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If we're doing a major reconstruction, especially if we're building up the dorsum or an ethnic rhinoplasty, then we like to use the patient's own material. And what I like to do is do something if I'm building up the dorsum, for example, I'll take some tissue from the scalp called fascia. I'll take cartilage whether it's from the rib, ear or inside the nose, the nasal septum. We'll dice it up. We'll make it into almost what we call a burrito or a D.C.F., diced cartilage fascia implant, and we'll put it right here. So, some of the doctors will use silicone implants in the nose. I'm against anything that's foreign in the nose. I feel that with time that will reject and stick out. I've had patients have implants stick out here, here, inside the nose. I don't like anything artificial. I'm looking at some notes I wrote about this and by the way, with using synthetic implants, called an allograft, there's a heavy risk of extrusion, infection, deviation of the implant. And one of the things too that I really try to do is I focus on the actual patient's, ethnicity, the facial features. I listen to the patient to really hear what they want. Sometimes I can't give them what they want or I disagree with what they want. So, it's really, really important to make sure you know what you're doing and to make sure the patient understands exactly and have great realistic expectations, it's important. Other doctors probably do that, but I'm just giving you some of my thoughts.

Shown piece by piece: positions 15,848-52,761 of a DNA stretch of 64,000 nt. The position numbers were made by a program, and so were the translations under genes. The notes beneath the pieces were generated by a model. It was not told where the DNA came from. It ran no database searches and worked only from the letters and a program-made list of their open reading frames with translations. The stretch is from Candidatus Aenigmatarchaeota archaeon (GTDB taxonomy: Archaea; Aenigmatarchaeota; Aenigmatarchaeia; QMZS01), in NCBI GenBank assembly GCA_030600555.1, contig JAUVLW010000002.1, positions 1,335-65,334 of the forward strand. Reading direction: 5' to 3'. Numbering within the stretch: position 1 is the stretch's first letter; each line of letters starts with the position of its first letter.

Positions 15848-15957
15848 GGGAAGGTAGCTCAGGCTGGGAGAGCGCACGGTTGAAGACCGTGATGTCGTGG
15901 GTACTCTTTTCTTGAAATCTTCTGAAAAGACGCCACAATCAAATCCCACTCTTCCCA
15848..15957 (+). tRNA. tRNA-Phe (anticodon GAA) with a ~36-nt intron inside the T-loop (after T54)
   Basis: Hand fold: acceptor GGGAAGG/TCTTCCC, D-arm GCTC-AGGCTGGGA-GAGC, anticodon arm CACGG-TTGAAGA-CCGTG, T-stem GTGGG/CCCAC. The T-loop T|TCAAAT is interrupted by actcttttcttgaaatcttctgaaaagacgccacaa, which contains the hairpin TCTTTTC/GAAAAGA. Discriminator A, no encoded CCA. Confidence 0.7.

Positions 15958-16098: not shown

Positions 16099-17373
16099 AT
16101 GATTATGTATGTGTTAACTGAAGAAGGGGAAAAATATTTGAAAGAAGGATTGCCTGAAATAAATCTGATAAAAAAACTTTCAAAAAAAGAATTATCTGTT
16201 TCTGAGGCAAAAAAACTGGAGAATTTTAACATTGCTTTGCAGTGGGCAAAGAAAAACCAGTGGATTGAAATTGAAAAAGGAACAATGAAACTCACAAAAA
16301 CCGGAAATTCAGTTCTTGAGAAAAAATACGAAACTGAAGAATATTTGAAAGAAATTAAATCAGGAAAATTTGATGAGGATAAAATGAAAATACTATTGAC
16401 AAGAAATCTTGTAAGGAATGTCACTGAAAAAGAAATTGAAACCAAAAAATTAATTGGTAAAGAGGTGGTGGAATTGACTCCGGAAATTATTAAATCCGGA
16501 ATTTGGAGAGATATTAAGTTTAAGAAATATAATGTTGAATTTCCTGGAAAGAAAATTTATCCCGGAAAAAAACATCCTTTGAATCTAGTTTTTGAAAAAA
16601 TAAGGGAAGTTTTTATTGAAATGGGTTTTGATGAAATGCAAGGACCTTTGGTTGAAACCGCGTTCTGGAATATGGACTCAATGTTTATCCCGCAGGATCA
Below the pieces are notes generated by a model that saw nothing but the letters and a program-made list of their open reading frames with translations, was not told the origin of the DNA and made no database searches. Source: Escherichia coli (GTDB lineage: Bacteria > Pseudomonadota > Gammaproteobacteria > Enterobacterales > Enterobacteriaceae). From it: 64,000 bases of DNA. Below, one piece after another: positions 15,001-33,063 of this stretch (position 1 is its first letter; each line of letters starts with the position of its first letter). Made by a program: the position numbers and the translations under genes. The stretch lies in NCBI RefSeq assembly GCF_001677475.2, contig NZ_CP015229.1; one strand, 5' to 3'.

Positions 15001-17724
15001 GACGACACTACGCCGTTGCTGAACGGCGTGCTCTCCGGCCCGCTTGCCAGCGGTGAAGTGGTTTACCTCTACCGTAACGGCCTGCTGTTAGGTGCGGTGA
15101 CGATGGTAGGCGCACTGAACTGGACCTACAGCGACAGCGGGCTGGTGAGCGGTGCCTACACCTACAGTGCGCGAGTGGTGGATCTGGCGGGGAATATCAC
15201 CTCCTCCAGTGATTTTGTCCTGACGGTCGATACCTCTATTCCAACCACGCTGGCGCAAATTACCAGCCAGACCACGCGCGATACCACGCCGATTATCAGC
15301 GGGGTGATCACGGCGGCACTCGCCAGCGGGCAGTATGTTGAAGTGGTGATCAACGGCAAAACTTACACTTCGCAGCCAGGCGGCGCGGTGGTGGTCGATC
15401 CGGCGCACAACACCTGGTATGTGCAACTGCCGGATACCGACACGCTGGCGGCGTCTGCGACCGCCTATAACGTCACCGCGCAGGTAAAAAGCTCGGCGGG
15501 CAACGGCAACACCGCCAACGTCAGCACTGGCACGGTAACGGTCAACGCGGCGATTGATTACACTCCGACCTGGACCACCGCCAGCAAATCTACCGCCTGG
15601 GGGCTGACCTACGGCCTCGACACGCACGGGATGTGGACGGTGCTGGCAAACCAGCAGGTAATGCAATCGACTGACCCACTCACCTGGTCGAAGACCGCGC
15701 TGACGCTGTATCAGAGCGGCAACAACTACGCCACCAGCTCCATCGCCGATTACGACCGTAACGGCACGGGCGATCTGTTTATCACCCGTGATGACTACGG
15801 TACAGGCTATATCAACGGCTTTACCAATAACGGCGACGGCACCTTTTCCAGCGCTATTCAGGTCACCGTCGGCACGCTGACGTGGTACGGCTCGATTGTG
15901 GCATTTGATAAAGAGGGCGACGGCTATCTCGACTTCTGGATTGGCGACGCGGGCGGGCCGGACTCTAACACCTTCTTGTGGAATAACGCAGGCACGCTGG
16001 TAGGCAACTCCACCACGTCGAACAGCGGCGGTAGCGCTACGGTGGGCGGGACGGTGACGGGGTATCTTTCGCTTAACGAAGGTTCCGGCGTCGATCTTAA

This is actually something that I do want to say. It's probably different since I'm a revision rhinoplasty specialist. So, a patient goes in to have a rhinoplasty. In general it's a deconstructive rhinoplasty where you're taking stuff out of the nose. You're bringing down cartilage, you're removing cartilage, you're bringing down humps, bones, you're narrowing it. The problem with doing that, if you don't make the smaller structures of the nose stronger, it will collapse. Whether it collapses here, whether it collapses in the middle, whether it just collapses this way, loses support. All these will cause nasal obstruction and a poor aesthetic result which looks like you've had a rhinoplasty, like a pinched nose or over-rotated nose. So I take this into account when I'm performing the first rhinoplasty so that hopefully these issues won't occur.

Rhinoplasty Approach to Implants, Ethnic Patients, and Revision Work

Dr. Paul Nassif explains some of his considerations when completing a rhinoplasty procedure in order to produce a nose that is healthy, strong, and aesthetically pleasing.